Eviction Moratorium? Owners Need Relief, Too
The Centers for Disease Control and Prevention is using its authority in the name of public health to place an eviction moratorium to prevent landlords from evicting certain renters nationwide for the rest of the year. The moratorium calls up a 1944 public health law that was created to help prevent the spread of an illness, the White House announced Tuesday.
While the rule may temporarily assist struggling renters, it fails to help landlords who must still make their payments and obligations on properties, real estate professionals say. The National Association of REALTORS®, along with other housing leaders, have voiced concern about the moratorium.
“While NAR appreciates and is supportive of administrative efforts to ensure struggling Americans can remain in their homes, this order as written will bring chaos to our nation’s critical rental housing sector and put countless property owners out of business,” Vince Malta, NAR’s president, said in a statement. “Any eviction moratorium must also come with rental assistance for property owners, the vast majority of which are mom-and-pop investors and are still required to meet their financial obligations even as they cease to receive income on their properties.”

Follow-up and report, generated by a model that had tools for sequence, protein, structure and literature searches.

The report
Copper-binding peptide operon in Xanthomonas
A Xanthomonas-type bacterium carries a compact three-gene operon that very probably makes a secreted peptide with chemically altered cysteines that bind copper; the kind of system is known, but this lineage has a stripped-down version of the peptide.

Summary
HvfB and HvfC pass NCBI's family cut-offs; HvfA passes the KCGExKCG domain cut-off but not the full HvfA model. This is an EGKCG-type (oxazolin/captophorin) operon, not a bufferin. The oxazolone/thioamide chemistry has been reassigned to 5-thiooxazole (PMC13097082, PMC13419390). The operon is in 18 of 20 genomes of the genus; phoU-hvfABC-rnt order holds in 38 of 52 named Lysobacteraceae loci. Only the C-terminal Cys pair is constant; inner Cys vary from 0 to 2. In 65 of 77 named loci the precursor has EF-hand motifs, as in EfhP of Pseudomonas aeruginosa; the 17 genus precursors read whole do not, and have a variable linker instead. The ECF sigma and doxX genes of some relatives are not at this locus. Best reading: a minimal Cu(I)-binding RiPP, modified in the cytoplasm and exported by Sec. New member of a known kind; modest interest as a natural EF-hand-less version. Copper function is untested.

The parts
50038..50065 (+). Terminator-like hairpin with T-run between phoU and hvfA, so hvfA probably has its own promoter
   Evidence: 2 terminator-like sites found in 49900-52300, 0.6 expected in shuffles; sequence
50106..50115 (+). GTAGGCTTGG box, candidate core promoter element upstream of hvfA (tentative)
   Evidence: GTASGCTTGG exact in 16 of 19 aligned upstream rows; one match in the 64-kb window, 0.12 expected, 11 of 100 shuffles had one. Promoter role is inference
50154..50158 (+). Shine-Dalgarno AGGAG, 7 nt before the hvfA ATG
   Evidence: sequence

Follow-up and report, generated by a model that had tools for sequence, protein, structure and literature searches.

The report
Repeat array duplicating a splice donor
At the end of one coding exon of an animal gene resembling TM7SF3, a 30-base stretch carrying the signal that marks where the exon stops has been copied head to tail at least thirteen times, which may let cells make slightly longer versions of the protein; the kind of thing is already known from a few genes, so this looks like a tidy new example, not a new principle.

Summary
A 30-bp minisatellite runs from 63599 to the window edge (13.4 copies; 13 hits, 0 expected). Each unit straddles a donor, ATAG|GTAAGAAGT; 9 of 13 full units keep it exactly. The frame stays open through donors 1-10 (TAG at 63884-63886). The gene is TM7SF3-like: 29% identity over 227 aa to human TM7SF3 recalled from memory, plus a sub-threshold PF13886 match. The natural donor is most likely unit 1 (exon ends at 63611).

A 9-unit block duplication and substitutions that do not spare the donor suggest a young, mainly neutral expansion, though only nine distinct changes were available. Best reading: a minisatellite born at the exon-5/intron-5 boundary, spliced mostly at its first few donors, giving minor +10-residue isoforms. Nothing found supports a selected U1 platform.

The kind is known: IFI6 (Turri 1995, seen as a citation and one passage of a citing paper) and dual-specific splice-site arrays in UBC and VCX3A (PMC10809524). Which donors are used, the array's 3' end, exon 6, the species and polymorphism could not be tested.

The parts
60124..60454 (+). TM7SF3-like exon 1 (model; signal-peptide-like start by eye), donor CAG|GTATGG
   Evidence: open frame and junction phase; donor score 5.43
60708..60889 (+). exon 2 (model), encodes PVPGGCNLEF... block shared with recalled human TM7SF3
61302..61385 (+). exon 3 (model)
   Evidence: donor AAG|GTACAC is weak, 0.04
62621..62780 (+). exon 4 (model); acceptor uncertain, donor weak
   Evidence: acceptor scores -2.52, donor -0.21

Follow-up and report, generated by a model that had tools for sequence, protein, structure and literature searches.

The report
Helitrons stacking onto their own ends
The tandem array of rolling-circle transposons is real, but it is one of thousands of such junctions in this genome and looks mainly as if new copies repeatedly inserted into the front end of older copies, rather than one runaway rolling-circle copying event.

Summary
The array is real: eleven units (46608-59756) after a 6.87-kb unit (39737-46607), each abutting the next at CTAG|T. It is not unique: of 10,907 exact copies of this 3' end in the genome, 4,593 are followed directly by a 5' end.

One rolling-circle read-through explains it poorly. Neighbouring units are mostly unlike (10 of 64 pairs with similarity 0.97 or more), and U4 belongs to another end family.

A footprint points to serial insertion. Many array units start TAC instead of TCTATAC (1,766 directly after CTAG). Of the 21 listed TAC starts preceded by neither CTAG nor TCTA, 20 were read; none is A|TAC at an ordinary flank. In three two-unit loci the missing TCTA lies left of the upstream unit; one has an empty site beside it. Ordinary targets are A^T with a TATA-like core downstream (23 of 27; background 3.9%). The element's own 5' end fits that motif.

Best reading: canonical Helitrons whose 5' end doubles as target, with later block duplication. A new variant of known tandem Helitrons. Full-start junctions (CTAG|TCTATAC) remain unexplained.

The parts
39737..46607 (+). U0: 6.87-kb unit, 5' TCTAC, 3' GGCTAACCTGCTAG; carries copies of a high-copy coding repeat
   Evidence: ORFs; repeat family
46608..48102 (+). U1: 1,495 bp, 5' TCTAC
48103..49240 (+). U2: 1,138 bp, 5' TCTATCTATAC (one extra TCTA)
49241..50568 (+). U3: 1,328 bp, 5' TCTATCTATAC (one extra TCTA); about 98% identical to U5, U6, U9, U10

The eviction moratorium will run through Dec. 31. It applies to renters who earn less than $99,000 a year. Renters also must certify that they are unable to pay their rent due to the coronavirus crisis. Also, when the moratorium expires at the end of the year, renters who received protection will need to make up the missed payments to their landlords.
Previous eviction moratoriums applied to only properties with federally backed mortgages from Fannie Mae and Freddie Mac. However, this moratorium applies to all rental units in the U.S., administration officials said.
“An untailored eviction moratorium will bring more havoc to our economy, not less, and will put America’s 43 million renter households at significant risk,” Malta warned.
NAR has strongly urged Congress to pass immediate legislation that would instead provide emergency rental assistance programs to housing providers.